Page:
His route lay through the Low Countries, and by the Rhine to Switzerland. On his way he halted at Brussels and visited the field of Waterloo. He reached Geneva on the 25th of May, where he met by appointment at Dejean's Hôtel d'Angleterre, Shelley, Mary Godwin and Clare (or "Claire") Clairmont. The meeting was probably at the instance of Claire, who had recently become, and aspired to remain, Byron's mistress. On the 10th of June Byron moved to the Villa Diodati on the southern shore of the lake. Shelley and his party had already settled at an adjoining villa, the Campagne Montalègre. The friends were constantly together. On the 23rd of June Byron and Shelley started for a yachting tour round the lake. They visited the castle of Chillon on the 26th of June, and, being detained by weather at the Hôtel de l'Ancre, Ouchy, Byron finished (June 27-29) the third canto of Childe Harold (published November 18), and began the Prisoner of Chillon (published December 5, 1816). These and other poems of July-September 1816, e.g. "The Dream" and the first two acts of Manfred (published June 16, 1817), betray the influence of Shelley, and through him of Wordsworth, both in thought and style.
Byron knew that Wordsworth had power, but was against his theories, and resented his criticism of Pope and Dryden. Shelley was a believer and a disciple, and converted Byron to the Wordsworthian creed. Moreover he was an inspiration in himself. Intimacy with Shelley left Byron a greater poet than he was before. Byron passed the summer at the Villa Diodati, where he also wrote the Monody on the Death of Sheridan, published September 9, 1816. The second half of September was spent and devoted to "an excursion in the mountains." His journal (September 18-29), which was written for and sent to Mrs Leigh, is a great prose poem, the source of the word pictures of Alpine scenery in Manfred. His old friend Hobhouse was with him and he enjoyed himself, but at the close he confesses that he could not lose his "own wretched identity" in the "majesty and the power and the glory" of nature. Remorse was scotched, not killed. On the 6th of October Byron and Hobhouse started via Milan and Verona for Venice, which was reached early in November. For the next three years Byron lived in or near Venice - at first, 1816-1817, in apartments in the Frezzeria, and after January 1818 in the central block of the Mocenigo palace. Venice appealed both to his higher and his lower nature.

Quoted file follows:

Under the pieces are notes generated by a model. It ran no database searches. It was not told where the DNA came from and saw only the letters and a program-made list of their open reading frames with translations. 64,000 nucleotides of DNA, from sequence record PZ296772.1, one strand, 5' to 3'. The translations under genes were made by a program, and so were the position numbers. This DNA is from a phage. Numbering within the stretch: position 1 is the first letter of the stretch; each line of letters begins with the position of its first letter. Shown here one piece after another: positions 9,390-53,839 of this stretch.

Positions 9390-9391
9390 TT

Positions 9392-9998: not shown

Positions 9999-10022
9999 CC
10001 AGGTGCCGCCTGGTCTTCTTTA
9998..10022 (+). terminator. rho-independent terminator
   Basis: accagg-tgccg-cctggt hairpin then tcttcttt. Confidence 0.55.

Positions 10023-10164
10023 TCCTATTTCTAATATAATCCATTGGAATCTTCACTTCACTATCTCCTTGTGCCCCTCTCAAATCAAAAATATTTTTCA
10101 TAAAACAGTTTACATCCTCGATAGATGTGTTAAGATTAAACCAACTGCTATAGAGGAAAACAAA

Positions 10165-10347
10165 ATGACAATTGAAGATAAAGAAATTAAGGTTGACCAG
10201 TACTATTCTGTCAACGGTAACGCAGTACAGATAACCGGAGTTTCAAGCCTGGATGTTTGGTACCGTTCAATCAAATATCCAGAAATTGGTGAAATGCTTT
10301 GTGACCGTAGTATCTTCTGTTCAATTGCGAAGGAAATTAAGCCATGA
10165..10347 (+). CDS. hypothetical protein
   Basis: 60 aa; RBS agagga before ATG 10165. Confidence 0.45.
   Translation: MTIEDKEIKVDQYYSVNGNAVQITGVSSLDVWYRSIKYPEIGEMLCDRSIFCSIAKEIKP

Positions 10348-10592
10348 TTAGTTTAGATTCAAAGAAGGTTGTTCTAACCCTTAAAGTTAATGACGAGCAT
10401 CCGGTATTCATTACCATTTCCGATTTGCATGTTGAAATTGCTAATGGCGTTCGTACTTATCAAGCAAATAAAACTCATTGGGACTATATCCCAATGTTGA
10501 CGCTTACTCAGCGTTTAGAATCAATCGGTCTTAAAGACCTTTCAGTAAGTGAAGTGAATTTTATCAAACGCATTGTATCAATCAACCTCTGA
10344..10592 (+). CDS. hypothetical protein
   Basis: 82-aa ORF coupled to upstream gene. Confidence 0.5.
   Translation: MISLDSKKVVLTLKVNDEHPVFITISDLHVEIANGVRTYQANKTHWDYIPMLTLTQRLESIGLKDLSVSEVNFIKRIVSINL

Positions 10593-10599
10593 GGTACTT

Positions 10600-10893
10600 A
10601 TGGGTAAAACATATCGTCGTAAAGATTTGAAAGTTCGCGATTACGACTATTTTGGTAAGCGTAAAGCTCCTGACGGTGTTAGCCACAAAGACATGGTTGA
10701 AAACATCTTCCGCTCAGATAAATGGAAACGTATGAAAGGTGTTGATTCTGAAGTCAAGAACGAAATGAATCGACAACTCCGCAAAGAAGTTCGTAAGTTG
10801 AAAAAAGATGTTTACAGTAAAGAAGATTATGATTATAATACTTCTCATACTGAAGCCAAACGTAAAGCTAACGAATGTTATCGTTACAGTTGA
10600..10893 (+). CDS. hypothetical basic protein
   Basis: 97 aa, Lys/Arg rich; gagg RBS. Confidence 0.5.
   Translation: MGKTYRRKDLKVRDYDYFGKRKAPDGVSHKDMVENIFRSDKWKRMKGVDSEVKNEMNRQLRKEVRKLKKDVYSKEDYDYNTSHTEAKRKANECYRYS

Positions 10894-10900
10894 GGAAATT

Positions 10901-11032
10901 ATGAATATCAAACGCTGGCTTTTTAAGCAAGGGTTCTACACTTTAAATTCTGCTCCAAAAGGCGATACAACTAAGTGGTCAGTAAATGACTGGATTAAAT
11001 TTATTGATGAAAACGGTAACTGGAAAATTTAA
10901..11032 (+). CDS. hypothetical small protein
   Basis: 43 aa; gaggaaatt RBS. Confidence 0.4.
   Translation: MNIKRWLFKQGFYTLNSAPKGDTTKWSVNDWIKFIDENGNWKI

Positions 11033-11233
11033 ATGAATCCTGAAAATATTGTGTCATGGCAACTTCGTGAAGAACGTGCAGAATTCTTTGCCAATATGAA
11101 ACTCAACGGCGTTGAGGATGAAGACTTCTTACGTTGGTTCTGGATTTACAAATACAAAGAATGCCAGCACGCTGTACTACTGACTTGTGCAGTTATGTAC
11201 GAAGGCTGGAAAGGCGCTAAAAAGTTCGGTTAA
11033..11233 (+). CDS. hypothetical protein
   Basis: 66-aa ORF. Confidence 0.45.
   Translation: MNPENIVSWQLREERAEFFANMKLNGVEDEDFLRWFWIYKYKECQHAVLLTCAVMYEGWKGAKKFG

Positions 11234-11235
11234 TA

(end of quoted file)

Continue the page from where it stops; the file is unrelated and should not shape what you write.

He set himself to study her history, to understand her constitution, to learn her language. The sights and scenes with which Shakespeare and Otway, Schiller's Ghostseer, and Madame de Staël's Corinne had made him familiar, were before his eyes, not dreams but realities. He would "repeople" her with her own past, and "stamp her image" on the creations of his pen. But he had no one to live for but himself, and that self he gave over to a reprobate mind. He planned and pursued a life of deliberate profligacy. Of two of his amours we learn enough or too much from his letters to Murray and to Moore - the first with his landlord's wife, Marianna Segati, the second with Margarita Cogni (the "Fornarina"), a Venetian of the lower class, who amused him with her savagery and her wit. But, if Shelley may be trusted, there was a limit to his candour. There is abundant humour, but there is an economy of detail in his pornographic chronicle. He could not touch pitch without being defiled. But to do him justice he was never idle. He kept his brains at work, and for this reason, perhaps, he seems for a time to have recovered his spirits and sinned with a good courage. His song of carnival, "So we'll go no more a-roving," is a hymn of triumph.